But it’s harder for me to read this section today and look at my collection of family photos. I have one now that I didn’t have in 2002; I knew it as Dad’s grandparents, mother, aunts and uncles. But when I was practicing the text of “In Flanders Fields” for a concert honoring the centennial of the end of the Great War, I found myself reciting to that photo. The only clue I have to its date is what my dad said as he looked at his copy of it: “It must be before 1914, because the boys are there.” Both uncles died in the Great War, one in November 1918 (the month of the Armistice). They are my great-grandparents, grandmother, aunts and uncles. (I met some of my great-aunts and was introduced to them with the title Dad used, aunt; so my great-uncles, in my mind, are uncles.)

Gabriel, the diary writer in “Justice Hall,” was just a fellow diarist the last time I read the book. Now that he’s a fictional fellow soldier of my uncles, the story packs a greater wallop.

I am certain that I am the one who has changed — certain, and grateful.

Filed under: Sustaining Books


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  • Great post! Oh yes, we change, and the world changes, too. The story is new again...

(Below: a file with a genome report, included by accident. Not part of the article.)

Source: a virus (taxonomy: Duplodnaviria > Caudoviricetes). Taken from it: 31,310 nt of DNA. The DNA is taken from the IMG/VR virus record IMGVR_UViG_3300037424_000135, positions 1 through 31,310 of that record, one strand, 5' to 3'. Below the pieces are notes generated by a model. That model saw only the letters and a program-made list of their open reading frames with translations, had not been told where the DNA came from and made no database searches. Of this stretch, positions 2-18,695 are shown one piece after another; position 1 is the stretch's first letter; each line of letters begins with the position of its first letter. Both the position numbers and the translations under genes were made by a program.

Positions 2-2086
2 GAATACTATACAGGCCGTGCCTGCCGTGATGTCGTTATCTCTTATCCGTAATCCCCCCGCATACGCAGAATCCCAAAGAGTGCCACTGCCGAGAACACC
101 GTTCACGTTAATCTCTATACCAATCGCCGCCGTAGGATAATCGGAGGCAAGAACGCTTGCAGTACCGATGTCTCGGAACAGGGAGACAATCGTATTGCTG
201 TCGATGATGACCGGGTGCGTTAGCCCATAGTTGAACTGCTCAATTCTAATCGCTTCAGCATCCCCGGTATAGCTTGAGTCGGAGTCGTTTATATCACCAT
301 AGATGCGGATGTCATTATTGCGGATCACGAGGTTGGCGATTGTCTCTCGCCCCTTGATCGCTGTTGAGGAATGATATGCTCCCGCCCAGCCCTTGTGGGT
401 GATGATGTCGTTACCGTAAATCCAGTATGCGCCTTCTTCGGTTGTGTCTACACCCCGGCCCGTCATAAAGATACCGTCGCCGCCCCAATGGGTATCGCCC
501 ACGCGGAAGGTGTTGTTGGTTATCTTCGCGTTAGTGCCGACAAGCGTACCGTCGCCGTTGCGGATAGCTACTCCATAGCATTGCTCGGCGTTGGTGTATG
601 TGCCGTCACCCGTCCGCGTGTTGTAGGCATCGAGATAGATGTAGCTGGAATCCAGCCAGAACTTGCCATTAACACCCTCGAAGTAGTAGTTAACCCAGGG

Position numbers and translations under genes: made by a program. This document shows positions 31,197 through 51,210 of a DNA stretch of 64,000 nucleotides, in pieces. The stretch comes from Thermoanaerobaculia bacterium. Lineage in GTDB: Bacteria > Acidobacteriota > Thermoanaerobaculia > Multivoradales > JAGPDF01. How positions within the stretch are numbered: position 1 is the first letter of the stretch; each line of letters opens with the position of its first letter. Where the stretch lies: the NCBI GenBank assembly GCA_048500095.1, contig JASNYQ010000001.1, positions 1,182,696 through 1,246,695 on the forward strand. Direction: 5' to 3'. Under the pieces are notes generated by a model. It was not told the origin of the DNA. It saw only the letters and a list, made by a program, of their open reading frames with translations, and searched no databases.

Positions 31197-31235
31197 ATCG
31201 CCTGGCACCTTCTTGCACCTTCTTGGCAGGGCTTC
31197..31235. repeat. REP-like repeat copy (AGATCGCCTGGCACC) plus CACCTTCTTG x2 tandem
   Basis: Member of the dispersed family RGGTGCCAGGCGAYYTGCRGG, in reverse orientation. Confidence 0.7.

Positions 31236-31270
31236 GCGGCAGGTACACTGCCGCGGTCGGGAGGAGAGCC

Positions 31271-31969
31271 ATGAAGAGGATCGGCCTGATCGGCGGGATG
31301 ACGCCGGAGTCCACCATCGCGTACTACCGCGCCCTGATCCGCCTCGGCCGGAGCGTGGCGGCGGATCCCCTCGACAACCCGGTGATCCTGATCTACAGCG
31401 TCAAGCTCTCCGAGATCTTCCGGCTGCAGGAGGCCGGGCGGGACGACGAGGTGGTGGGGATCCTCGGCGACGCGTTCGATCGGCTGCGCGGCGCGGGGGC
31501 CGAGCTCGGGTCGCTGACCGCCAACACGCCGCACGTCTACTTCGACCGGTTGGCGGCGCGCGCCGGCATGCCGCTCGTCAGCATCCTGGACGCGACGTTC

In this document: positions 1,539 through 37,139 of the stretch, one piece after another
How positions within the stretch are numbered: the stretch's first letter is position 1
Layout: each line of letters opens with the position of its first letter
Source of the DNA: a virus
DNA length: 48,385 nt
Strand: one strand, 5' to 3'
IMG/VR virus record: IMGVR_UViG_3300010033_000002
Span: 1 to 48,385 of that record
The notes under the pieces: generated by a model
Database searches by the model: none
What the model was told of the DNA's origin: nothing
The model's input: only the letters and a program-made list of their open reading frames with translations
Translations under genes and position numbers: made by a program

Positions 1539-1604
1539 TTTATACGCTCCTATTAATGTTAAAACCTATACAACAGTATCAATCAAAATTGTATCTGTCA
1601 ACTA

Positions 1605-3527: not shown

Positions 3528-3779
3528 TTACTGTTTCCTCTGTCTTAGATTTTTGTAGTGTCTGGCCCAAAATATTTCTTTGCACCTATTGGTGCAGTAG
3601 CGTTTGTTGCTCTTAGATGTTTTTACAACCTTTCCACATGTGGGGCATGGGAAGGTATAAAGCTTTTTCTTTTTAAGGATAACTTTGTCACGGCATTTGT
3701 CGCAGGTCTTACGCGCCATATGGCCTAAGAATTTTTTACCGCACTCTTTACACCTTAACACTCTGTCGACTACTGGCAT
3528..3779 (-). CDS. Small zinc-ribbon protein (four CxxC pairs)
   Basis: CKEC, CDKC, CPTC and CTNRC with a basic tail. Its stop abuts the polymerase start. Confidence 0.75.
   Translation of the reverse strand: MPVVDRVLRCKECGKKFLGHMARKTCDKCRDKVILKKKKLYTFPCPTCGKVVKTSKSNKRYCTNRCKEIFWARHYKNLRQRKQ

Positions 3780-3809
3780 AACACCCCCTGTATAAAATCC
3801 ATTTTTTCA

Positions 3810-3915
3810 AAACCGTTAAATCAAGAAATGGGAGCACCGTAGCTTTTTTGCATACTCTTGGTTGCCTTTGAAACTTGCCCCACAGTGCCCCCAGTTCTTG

• In reply to Weather Girl:

    The story is waiting for its new readers, whether for a first time through a book or a return trip.

  • This has several aspects--the one at the end is that the book is new to you because you gained a special connection to the persons or events depicted in it. It is sort of like watching "Finding Your Roots" and realizing that your ancestors must have gone through something like that. For instance, the Tony Shalhoub episode brought home what a hellhole Lebanon was at the fall of the Ottoman Empire.

    But there are other ways of looking at the headline. For instance, I told someone talking into an Apple Watch "who do you think you are, Dick Tracy?" On the other hand, encyclopedias go through various editions (for instance, the 11th edition of the Encyclopædia Britannica is not the same as the first) and unless some library archives all prior editions, the book has changed. Of course the text quickly changes if it is published electronically; even then, the prior editions have to be archived to be preserved.

  • In reply to jack: